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gold medal Bouncing Back from an Injury Like Strug's

The ankle sprain sustained by United States gymnast Kerri Strug Tuesday night (July 23) was the most dramatic injury so far of the 1996 Olympic Summer Games.

Strug had injured her ankle during the first of two vaults and needed to score well on the second to lead her team to its first-ever gymnastics team gold medal. On the second vault, she landed on both legs for an instant, just long enough to qualify her jump as a two-foot landing. She turned on one leg to salute the judges, then collapsed in pain. At the hospital afterward, her injury was diagnosed as a grade 3 lateral ankle sprain, according to a report in USA Today.

The result of her efforts was bittersweet: the 9.712 score she got from the judges was enough to ensure the US team's gold medal, but the injury threatens Strug's chance to compete in individual Olympic events. She pulled out of Thursday's all-around competition, but said she may attempt to compete Sunday in the vault finals and Monday in the floor exercise finals.

How do physicians manage grade 3 ankle sprains when an athlete is eager to return to play? Our Olympic consultants James G. Garrick, MD, and John G. Aronen, MD, give readers some background about these injuries and share some treatment strategies. Garrick is an orthopedic surgeon and director of the Center for Sports Medicine at Saint Francis Memorial Hospital in San Francisco. Aronen is a sports medicine physician and educational director of the Sports Medicine Store in San Diego. Garrick and Aronen are fellows of the American College of Sports Medicine and editorial board members of The Physician and Sportsmedicine.


The patient's mechanism of injury provides the best diagnostic clues. Lateral sprains usually stem from an inversion injury. On her first vault, Strug appeared to slip backward upon landing. Three ligaments can be sprained, usually in sequence: the anterior talofibular ligament, the calcaneofibular ligament, and the posterior talofibular ligament. Garrick says a grade 3 sprain is simply a sprain that involves a complete tear of the ligament, and not necessarily a single ligament or a combination of ligaments.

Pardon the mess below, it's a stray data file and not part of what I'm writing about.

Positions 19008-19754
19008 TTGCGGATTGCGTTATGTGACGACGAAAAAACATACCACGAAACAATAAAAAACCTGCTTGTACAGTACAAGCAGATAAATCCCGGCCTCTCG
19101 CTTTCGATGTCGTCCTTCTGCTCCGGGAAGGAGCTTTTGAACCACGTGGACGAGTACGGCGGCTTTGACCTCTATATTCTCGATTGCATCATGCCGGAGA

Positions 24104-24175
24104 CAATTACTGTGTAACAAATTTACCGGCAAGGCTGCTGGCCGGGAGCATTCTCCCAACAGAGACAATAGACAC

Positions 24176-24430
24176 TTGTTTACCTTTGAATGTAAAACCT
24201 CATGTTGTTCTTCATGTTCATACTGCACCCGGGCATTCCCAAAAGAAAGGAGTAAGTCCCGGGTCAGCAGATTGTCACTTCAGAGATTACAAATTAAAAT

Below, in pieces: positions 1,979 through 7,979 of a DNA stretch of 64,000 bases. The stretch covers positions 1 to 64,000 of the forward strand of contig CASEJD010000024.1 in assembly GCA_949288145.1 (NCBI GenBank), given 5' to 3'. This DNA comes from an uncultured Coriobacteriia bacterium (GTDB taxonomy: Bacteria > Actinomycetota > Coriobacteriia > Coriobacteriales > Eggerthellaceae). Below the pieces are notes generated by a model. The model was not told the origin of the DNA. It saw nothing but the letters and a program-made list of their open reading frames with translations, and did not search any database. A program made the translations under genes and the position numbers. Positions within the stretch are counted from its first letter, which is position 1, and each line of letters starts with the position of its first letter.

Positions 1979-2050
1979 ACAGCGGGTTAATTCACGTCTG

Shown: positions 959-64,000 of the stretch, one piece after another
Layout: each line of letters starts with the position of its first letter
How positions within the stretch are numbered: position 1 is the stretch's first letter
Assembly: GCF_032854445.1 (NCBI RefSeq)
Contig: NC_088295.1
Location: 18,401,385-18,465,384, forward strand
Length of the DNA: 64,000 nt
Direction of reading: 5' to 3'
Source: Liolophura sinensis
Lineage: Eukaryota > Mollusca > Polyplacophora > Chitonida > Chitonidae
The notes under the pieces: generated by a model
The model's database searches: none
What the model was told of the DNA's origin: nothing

In an injury like Strug's, it's important to consider the possibility of an occult or frank stress fracture of the ankle or foot, says Aronen, because from what he saw, the mechanism of injury was not typical for a lateral ankle sprain. "She impact loaded both ankles upon landing, then took weight-bearing off of her left one immediately," he said. "Athletes who have sprains usually fall." He says the amount of disability is the most important key to determining how serious the injury is. "It's important to ask the athlete how they got off the mat or field," Aronen says. "Strug walked off after the first vault, but was totally disabled after her second vault."

Aronen says he treated several people who had asymptomatic stress fractures of the distal leg or foot that became symptomatic on landing during his years as a physician with the training program for US Navy SEALs. "A good percentage of stress fractures show up on x-ray, but some do not," he says. Media reports have said that no fracture was seen on x-ray. "Only time will tell what the accurate diagnosis is," he says. Aronen says a bone scan would provide more information about the possible presence of a stress fracture. "However, a stress fracture that becomes an overt fracture would almost always result in the inability to bear weight-something Strug was able to do as evidenced by her second vault," Garrick says.


When an athlete with a grade 3 injury needs a quick return to sport, preventing swelling is the top priority, says Garrick. "It's the swelling that will decrease range of motion and compromise performance, and getting rid of it is much more difficult than preventing it," he says. "A good focal compression wrap and elevation for the first 12 hours after the injury are most likely to accomplish this."

A local anesthetic is commonly injected into area of the injured ligaments to allow participation after an injury like this; however, the down side is that athletes may lose their ability to "feel" the ankle and foot. They might even lose the ability to contract some of the small muscles. Use of anesthetics also removes any protective influence of pain. Precision of muscle use and superior kinesthetic sense are essential for a gymnast and might be compreomised with local anesthetics, Garrick says.

Activity Outlook

The term "severe ankle sprain" doesn't mean much, so it's difficult to project how it might influence performance in 24 to 48 hours, Garrick says. "After a true grade 3 ankle sprain, the likelihood of being able to compete at a world class level in a sport that requires the sophisticated moves of gymnastics is not very good," he says. Garrick says it can be difficult to judge the severity of an ankle sprain: Instability found on the postinjury exam may have been there from a previous injury, and instability is difficult to judge in a patient who has an acutely injured ankle.

Says Aronen: "She may be able to compete, but she knows she has to land on that ankle."